Have you read Maria Semple? What's been your favourite find online, reading-wise?

PS Cover image via here and Picmonkey collage.

Friday, 5 December 2014

30 days of books for christmas - dork diaries

Rachel Renee Russell's Dork Diaries series has been a huge hit for Sophie this year. Each book features Nikki as the central character, 'tales from a not-so-fabulous life'. Themes include starting at a new school, bullies, friendship, falling in love (!), fighting for a cause and following your dreams. Soph, aged 8, says she really enjoys the books and finds them very funny. One of her favourites is How to Dork Your Diary when Nikki loses her diary. It also contains tips about diaries and a diary section for the reader.

Soph has read many of the Diary of a Wimpy Kid books, but thinks Dork Diaries is way funnier - and not just because this series is about a girl. She loves the little sister, Brianna, who is always getting into trouble (a bit like her own younger brother, Jono!). We found a beautiful boxed set with titles including Dear Dork, Skating Sensation, Pop Star and Party Time. As a parent, I'm keen on anything that keeps kids reading, so I'm giving it a big thumbs up too!

Have the Dork Diaries made an appearance at your house? What have your kids been reading?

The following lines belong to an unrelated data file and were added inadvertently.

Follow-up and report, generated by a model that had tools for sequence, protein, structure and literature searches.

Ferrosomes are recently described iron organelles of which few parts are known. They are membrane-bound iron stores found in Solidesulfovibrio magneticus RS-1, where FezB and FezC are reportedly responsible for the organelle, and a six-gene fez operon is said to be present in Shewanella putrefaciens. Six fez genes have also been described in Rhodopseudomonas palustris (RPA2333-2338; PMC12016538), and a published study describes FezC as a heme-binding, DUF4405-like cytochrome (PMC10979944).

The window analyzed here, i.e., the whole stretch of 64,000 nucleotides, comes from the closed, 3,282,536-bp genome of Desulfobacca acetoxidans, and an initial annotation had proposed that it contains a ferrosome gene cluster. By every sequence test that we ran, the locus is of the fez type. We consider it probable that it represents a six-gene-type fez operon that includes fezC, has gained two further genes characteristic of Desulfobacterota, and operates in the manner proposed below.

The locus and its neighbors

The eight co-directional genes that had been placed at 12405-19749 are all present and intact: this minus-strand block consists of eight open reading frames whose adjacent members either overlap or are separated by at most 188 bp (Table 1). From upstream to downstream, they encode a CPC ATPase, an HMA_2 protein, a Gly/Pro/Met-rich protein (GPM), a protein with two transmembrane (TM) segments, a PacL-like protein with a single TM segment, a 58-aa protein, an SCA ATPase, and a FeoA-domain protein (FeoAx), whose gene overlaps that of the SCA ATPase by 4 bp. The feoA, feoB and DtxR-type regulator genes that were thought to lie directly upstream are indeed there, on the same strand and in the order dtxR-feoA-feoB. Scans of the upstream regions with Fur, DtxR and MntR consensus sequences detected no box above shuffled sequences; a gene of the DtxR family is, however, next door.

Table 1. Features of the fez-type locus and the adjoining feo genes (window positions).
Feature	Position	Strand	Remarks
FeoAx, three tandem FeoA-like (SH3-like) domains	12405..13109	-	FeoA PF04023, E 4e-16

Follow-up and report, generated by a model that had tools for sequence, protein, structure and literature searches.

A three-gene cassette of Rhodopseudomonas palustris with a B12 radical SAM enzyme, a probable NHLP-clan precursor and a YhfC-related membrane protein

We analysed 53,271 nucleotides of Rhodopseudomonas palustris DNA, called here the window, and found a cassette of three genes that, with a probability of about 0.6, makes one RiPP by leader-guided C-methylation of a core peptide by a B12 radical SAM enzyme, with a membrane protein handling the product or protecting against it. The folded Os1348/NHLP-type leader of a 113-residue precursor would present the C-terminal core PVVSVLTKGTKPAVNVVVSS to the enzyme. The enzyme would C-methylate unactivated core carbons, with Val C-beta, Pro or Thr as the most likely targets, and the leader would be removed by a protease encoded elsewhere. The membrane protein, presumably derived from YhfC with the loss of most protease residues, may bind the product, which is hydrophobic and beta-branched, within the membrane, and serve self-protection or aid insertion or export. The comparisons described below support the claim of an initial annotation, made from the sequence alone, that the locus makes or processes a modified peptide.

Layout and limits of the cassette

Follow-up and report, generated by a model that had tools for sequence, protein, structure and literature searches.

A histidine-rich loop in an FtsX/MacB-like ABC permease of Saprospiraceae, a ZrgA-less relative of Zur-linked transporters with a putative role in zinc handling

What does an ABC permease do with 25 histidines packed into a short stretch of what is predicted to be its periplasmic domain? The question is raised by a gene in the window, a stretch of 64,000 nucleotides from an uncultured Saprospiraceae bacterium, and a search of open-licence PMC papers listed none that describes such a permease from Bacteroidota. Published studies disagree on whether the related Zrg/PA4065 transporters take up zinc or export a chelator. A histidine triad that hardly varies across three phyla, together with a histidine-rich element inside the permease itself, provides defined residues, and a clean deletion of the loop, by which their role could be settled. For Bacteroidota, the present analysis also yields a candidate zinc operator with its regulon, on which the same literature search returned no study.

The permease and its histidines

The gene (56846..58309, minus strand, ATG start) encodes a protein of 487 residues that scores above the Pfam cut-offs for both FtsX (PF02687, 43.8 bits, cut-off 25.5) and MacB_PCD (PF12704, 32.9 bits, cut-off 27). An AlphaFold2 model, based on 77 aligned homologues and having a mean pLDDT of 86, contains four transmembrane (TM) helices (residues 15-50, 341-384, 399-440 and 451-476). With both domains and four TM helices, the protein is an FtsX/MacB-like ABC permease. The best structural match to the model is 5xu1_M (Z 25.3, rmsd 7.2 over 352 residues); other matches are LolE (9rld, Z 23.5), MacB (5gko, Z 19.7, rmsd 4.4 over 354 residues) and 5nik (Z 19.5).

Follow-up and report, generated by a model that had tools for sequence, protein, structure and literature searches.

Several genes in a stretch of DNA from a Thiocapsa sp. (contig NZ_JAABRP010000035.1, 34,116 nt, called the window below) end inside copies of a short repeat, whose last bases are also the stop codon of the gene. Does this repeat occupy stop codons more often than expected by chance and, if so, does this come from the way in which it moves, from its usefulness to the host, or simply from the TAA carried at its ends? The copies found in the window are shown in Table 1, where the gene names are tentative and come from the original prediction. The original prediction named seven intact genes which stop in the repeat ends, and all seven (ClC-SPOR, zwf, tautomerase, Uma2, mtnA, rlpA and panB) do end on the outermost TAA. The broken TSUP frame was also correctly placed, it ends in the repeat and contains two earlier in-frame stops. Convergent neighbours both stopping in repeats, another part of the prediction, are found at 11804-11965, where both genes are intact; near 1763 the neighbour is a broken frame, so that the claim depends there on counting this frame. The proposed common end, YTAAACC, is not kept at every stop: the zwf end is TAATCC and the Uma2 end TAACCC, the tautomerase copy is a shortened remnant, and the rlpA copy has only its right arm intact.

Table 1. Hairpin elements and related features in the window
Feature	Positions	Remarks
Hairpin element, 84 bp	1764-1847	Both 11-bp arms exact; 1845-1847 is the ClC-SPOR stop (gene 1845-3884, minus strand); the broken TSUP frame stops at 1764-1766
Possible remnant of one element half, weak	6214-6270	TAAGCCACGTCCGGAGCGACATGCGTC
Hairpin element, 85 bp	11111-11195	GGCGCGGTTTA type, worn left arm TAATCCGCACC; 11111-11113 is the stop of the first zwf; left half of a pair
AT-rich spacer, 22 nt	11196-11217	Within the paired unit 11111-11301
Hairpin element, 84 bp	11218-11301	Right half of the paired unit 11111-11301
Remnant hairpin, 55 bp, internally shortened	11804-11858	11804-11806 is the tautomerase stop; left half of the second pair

PS Cover image via here and collage via Picmonkey.

Thursday, 4 December 2014

reupholstering at home - vintage chairs

Last year I came upon these gorgeous vintage chairs - gorgeous in everything but the upholstery fabric... a tired, dull floral number that just had to go. Fix number one was to create a patchwork style cover... which didn't work either. The fabrics were lovely, but not quite bright enough. Fix number two was a beautiful bright fabric... which was too thin, creased easily and wasn't quite right. The third - and I'm delighted to report final fix is this, the big TA DAH!
 Bright fabric, check! Thick material, check! So far, this is the only one that's almost finished properly - it just needs a piece of calico on the base to hide all the workings - which makes this post a bit premature, but it's so exciting! The other three need their bases fitted properly which involves the long, arduous task to untack the existing fabric.  There must be millions of staples and nails in each chair, so I'll do them as time evolves. For now though, I'm delighted with the new look - something I've been meaning to do for ages. I'll do a more in-depth, step-by-step post down the track, but wanted to share this while I could...

Have you tackled any sewing projects lately, big or small?

Wednesday, 3 December 2014

30 days of books for christmas - not that kind of girl